Software Effort for IV Automation

Posted on September 30, 2014

By Jonathan Bagot, M.Sc., B.C.Sc. (Hons)

Lines of Code (LOC) is a software metric that has been used since the mid-1960’s to estimate effort and productivity [1]. It is the simplest method to estimate the size of a software program. There are many different ways to count LOC, but the gist of the idea is to count the number of lines of code in a software program’s source code.

Many software developers hate the LOC software metric. They will tell you that it is useless and can provide a list of reasons to justify their claims, such as:

  • More code does not mean better quality. For this reason, measuring effort and productivity with LOC is counterproductive. It rewards software developers for more code even though fewer lines of code are likely more efficient and may be easier to read, maintain, and extend.
  • Expert software developers are typically assigned the difficult problems. These difficult problems may not require an abundance of code to solve. However, in order to solve these difficult problems, the design effort to implement complex logic may be significant. It is not fair to measure the expert software developer’s productivity based on LOC in this case. For example, in an embedded system the expert software developer may spend days optimizing a few lines of code based on real-time requirements.

Although many software developers despise the LOC software metric, LOC has been empirically shown to have a high correlation with effort [2]. For this reason, project managers may use LOC as a metric to roughly estimate effort for software projects.

Using the size of the software program in Kilos of LOC (KLOC), effort in man months can be estimated using a model such as the Constructive Cost Model (COCOMO) II. In order to keep it simple, consider the following large project equation for effort shown below. The equation uses nominal values for the constant A and exponential scale B with an Effort Adjustment Factor (EAF) of 1.0. B can be adjusted based on five factors and EAF can be adjusted based on seventeen cost drivers (see [3] for more details). These adjustment factors allow the cost model to consider the characteristics of the environment,  the software’s complexity, required reliability, the experience level of the development team, the stability and attributes of the target system, and the characteristics of the development tools.

Effort = A x EAF x SizeB

Effort = 2.94 x Size1.1

 The effort equation shown above is typically used before starting a project. In this case, the size of the software program is an estimate because no code has been written. It is also possible to use the effort equation shown above upon completion of a project as a form of retrospective analysis. In this case, the size of the software program is exact because the actual source code can be analyzed to determine the LOC counts.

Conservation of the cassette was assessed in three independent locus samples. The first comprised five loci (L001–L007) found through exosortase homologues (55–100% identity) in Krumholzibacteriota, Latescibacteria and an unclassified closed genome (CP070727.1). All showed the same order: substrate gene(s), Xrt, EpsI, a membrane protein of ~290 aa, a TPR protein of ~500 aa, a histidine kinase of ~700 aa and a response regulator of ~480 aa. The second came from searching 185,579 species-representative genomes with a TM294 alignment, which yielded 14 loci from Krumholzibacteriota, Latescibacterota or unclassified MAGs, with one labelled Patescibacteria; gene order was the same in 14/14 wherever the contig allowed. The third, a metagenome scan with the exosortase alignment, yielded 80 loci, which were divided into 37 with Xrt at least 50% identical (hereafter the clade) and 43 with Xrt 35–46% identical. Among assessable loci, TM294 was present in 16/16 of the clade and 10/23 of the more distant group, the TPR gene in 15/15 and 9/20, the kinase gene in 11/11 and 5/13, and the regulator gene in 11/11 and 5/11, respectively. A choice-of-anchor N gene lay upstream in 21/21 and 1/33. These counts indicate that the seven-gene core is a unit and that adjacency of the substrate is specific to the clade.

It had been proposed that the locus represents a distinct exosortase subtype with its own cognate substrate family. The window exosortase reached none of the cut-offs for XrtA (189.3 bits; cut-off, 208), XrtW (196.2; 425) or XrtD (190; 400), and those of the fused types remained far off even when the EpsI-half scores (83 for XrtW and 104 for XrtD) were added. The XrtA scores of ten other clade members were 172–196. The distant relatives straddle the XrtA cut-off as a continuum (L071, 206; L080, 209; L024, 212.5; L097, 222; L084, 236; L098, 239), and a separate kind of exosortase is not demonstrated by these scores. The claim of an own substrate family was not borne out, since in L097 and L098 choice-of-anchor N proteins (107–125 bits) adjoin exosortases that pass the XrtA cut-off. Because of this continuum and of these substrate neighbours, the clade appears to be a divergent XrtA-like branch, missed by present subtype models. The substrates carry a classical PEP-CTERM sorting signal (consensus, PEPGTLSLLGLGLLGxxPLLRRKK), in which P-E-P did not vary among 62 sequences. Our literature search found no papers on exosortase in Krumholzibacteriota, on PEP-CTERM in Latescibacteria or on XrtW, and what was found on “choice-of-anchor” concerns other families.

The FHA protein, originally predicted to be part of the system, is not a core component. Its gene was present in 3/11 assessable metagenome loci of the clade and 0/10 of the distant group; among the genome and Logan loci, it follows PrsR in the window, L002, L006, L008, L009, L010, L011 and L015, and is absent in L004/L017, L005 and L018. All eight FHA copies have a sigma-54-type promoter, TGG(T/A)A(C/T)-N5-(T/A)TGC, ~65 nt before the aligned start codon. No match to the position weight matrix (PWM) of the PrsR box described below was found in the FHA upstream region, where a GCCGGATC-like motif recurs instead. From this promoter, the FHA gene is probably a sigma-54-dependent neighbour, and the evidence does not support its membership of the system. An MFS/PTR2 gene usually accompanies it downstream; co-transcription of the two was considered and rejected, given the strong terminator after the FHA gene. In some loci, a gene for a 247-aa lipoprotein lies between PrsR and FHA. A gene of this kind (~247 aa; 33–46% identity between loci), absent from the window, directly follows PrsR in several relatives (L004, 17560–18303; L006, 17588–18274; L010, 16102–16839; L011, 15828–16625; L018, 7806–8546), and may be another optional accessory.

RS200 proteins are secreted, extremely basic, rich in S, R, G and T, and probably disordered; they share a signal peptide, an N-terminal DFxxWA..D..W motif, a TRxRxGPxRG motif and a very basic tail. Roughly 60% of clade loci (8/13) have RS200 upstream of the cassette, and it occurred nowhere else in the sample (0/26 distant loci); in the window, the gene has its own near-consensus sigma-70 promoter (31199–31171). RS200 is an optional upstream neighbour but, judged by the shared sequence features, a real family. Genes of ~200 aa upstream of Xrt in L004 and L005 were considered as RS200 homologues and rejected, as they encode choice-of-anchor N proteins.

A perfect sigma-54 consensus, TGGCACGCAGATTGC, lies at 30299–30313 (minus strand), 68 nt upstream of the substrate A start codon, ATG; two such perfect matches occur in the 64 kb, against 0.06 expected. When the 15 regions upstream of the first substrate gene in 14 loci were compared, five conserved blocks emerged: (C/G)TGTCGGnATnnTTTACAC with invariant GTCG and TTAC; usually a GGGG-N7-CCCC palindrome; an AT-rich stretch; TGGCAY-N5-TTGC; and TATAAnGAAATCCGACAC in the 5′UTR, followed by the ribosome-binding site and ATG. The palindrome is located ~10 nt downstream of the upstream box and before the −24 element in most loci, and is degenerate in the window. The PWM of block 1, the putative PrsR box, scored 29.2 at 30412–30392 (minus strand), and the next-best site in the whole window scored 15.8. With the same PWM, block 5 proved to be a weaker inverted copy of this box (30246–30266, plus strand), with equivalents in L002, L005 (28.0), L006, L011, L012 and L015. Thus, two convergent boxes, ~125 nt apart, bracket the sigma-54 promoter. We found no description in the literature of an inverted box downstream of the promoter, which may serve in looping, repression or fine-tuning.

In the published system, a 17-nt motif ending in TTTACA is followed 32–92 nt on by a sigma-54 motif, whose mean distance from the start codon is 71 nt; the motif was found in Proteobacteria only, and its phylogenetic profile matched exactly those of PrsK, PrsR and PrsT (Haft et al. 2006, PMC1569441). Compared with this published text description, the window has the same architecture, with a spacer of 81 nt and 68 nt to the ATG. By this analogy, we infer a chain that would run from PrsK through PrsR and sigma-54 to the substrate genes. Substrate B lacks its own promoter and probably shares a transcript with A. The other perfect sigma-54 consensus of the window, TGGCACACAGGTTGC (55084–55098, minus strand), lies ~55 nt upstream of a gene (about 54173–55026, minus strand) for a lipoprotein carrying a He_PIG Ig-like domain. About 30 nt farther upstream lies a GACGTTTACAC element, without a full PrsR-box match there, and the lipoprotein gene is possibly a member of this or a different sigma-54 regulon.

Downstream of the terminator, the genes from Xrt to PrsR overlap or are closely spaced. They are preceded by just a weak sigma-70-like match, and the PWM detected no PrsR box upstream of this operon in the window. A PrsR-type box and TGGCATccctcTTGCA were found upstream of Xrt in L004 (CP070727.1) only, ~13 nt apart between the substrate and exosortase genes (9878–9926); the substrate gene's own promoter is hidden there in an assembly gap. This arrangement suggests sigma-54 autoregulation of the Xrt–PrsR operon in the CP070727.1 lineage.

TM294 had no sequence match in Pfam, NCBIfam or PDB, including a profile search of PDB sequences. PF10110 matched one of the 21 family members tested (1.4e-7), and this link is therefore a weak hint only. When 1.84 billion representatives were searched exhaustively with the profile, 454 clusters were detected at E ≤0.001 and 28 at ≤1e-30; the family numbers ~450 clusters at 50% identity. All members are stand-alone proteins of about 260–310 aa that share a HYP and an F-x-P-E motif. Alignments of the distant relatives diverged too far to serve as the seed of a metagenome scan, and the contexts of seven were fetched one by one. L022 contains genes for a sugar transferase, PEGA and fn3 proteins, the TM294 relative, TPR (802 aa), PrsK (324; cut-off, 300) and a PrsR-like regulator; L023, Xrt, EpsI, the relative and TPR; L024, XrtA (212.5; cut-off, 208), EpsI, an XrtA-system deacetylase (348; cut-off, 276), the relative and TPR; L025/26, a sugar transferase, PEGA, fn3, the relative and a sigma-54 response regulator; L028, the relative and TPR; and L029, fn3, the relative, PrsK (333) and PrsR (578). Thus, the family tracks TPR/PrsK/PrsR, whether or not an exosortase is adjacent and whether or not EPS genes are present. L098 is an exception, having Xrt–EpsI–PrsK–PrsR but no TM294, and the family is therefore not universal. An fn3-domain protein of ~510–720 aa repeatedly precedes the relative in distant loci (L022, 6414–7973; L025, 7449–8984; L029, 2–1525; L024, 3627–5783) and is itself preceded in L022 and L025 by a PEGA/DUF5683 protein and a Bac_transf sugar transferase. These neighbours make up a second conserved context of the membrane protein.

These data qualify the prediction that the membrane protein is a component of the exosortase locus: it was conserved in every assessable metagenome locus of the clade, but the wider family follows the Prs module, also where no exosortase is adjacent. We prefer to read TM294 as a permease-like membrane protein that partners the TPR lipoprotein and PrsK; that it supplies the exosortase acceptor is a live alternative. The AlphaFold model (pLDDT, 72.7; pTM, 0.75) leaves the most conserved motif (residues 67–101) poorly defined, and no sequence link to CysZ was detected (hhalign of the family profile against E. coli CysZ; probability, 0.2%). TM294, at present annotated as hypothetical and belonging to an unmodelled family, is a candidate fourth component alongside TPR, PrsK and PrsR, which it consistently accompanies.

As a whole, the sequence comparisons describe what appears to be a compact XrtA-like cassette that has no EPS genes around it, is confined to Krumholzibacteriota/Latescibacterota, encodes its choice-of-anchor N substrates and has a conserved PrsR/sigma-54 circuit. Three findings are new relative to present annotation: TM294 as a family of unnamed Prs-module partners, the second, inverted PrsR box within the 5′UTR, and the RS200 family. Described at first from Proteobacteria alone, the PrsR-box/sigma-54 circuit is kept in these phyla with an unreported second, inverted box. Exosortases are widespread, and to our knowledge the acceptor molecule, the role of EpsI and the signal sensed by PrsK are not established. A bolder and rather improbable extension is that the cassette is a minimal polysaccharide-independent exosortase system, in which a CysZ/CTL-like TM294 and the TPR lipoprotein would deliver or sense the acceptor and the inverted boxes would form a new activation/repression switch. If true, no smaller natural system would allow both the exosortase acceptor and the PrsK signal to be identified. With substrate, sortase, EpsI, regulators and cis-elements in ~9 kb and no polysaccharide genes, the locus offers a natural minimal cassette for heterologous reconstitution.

What sort of software effort does it take to develop the software necessary to automate IV doses? RIVA currently has 471,958 physical LOC* not including the Structured Query Language (SQL), Programmable Logic Controller (PLC), Variable Assembly Language (VAL3) robot code, and various software utilities used for machine setup.

It is not completely correct to compare LOC counts unless you know the exact method of counting and the programming language used, but to put the RIVA software effort into perspective, the U.S. fighter jets have the following LOC counts for the onboard operational software [4]:

  •  F-16A Block 1 (1974) – 135,000 LOC
  • F-16D Block 60 (1984) – 236,000 LOC
  • F-22 Raptor (1997) – 1.7 million LOC
  • F-35 Lightning II (2006) – 8 million LOC
  • F-35 Lightning II (2012) – 10 million LOC

Using the simplified equation above for a rough estimate of effort, the KLOC and man years of effort are shown below.



The RIVA software effort would fall somewhere in between the F-16D Block 60 and the F-22 Raptor software effort. In conclusion, the software effort required for IV automation is significant and is an ongoing process of continuous improvement.

Jonathan Bagot is the Software Lead at Intelligent Hospital Systems, designer and manufacturer of RIVA a Fully Automated IV Compounding System

* RIVA LOC determined using CLOC utility available at


 [1] B. Stepien. Software development cost estimation methods and research trends. Computer Science, 5:68-82, 2003.

[2] K. Bhatt, V. Tarey, P. Patel, K. B. Mits, and D. Ujjain. Analysis of source lines of code (SLOC) metric. International Journal of Emerging Technology and Advanced Engineering, 2(5):150-154, 2012.

[3] B. Boehm, B. Clark, S. Devnani-Chulani, E. Horowitz, R. Madachy, Reifer, R. Selby, and B. Steece. COCOMO II Model Definition Manual. Technical Report.

[4] C. Hagen, J. Sorenson, S. Hurt, and D. Wall. Software: The Brains Behind U.S. Defense Systems. A.T. Kearne, 2012.

Blog | Engineering | Software